I only interviewed Sir Terry once, but in just one hour I learnt so much.

By Tom Jamison, Able Magazine Editor

I along with thousands of fans was deeply saddened to hear that author, Sir Terry Pratchett had passed away last week. I didn’t know him personally but at the same time I feel the loss. Actually, I’ve only ever read one of his books, for research purposes; I’m not a fantasy fan.

 After his diagnosis with early on-set Alzheimer’s which he described beautifully as an ‘embugerrance’ he became a champion for the rights of people that wanted to die by assisted suicide. This was the backdrop to what could have been a very grim interview indeed but it didn’t turn out that way. (In fact, the person I chose to interview from the other ‘pro-life’ point of view was far more austere – but that’s another eulogy.)

I’d only expected to speak with Sir Terry for 20 or so minutes, since magazines can only showcase stories within the parameters of a finite estate and in any case, a positive lifestyle magazine like Able isn’t perhaps the natural environment for a piece about ‘death’. To Sir Terry though, it didn’t seem to feel like an awkward or miserable subject at all. In his hands it became a discussion about being independent and confident and facing reality – which, yes, has its pros and cons. I learnt a lot in the hour and more that we ended up speaking over the phone. Of course, I was able to consolidate my knowledge of considering perspective and seeing things from a different viewpoint but most poignantly, I was learning about the courage of a man in the midst of a struggle with a consuming condition.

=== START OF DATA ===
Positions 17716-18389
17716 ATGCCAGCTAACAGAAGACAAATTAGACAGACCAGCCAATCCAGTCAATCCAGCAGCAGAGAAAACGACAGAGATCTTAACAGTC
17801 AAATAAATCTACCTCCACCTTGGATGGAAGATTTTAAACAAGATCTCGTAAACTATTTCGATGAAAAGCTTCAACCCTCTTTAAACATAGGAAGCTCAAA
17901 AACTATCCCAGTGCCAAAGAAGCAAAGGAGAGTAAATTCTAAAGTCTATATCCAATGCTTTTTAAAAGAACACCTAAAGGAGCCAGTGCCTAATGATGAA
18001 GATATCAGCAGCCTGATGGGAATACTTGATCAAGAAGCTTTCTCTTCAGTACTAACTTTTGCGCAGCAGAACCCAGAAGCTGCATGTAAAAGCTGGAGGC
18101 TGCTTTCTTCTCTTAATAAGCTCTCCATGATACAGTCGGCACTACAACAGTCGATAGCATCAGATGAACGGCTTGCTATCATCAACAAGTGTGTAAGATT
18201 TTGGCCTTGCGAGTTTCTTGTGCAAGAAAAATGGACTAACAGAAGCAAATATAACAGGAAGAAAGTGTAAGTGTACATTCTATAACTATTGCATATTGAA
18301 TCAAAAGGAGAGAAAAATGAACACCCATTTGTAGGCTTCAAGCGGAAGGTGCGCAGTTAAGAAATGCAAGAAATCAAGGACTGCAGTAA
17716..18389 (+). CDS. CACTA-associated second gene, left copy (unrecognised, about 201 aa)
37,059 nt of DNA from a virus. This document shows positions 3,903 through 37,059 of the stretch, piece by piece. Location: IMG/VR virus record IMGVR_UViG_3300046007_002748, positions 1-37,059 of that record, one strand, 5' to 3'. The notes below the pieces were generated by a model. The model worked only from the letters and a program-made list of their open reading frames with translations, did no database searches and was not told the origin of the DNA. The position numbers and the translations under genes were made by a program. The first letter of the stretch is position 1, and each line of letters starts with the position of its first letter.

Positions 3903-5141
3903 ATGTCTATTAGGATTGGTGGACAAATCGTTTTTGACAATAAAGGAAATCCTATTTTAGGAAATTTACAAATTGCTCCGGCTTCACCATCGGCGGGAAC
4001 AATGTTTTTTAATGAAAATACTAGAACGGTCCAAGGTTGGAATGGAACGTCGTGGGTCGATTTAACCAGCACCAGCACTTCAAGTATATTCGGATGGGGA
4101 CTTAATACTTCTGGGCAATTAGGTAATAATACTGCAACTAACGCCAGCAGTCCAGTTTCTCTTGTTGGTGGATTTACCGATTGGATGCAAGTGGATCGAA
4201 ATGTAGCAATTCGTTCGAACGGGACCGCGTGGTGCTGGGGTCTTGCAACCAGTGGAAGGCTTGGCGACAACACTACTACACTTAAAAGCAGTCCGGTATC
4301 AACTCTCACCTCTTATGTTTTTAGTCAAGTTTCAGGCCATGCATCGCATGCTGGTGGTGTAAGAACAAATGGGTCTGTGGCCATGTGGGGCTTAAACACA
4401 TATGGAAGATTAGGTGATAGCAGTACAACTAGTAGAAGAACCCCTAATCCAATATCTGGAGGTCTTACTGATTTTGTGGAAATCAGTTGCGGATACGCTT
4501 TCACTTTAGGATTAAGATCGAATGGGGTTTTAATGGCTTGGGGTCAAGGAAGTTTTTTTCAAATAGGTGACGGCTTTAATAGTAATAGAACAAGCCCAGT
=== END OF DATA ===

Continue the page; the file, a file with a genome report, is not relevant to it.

Dignity, humanity and above all humour were the watchwords. I’ve rarely laughed so much over a conversation about mortality as I did that morning. Sir Terry was able to take on subjects like death lightly but respectfully and I’m sure that in some way he’d find it amusing that he never had to make ‘the decision’ that he’d given so much meditation and time to.

I look back on a fascinating conversation with a man who despite his illness, was more than capable of de-constructing a seriously complicated topic in the manner of a friendly chinwag.

Thanks Sir Terry. See you on the other side.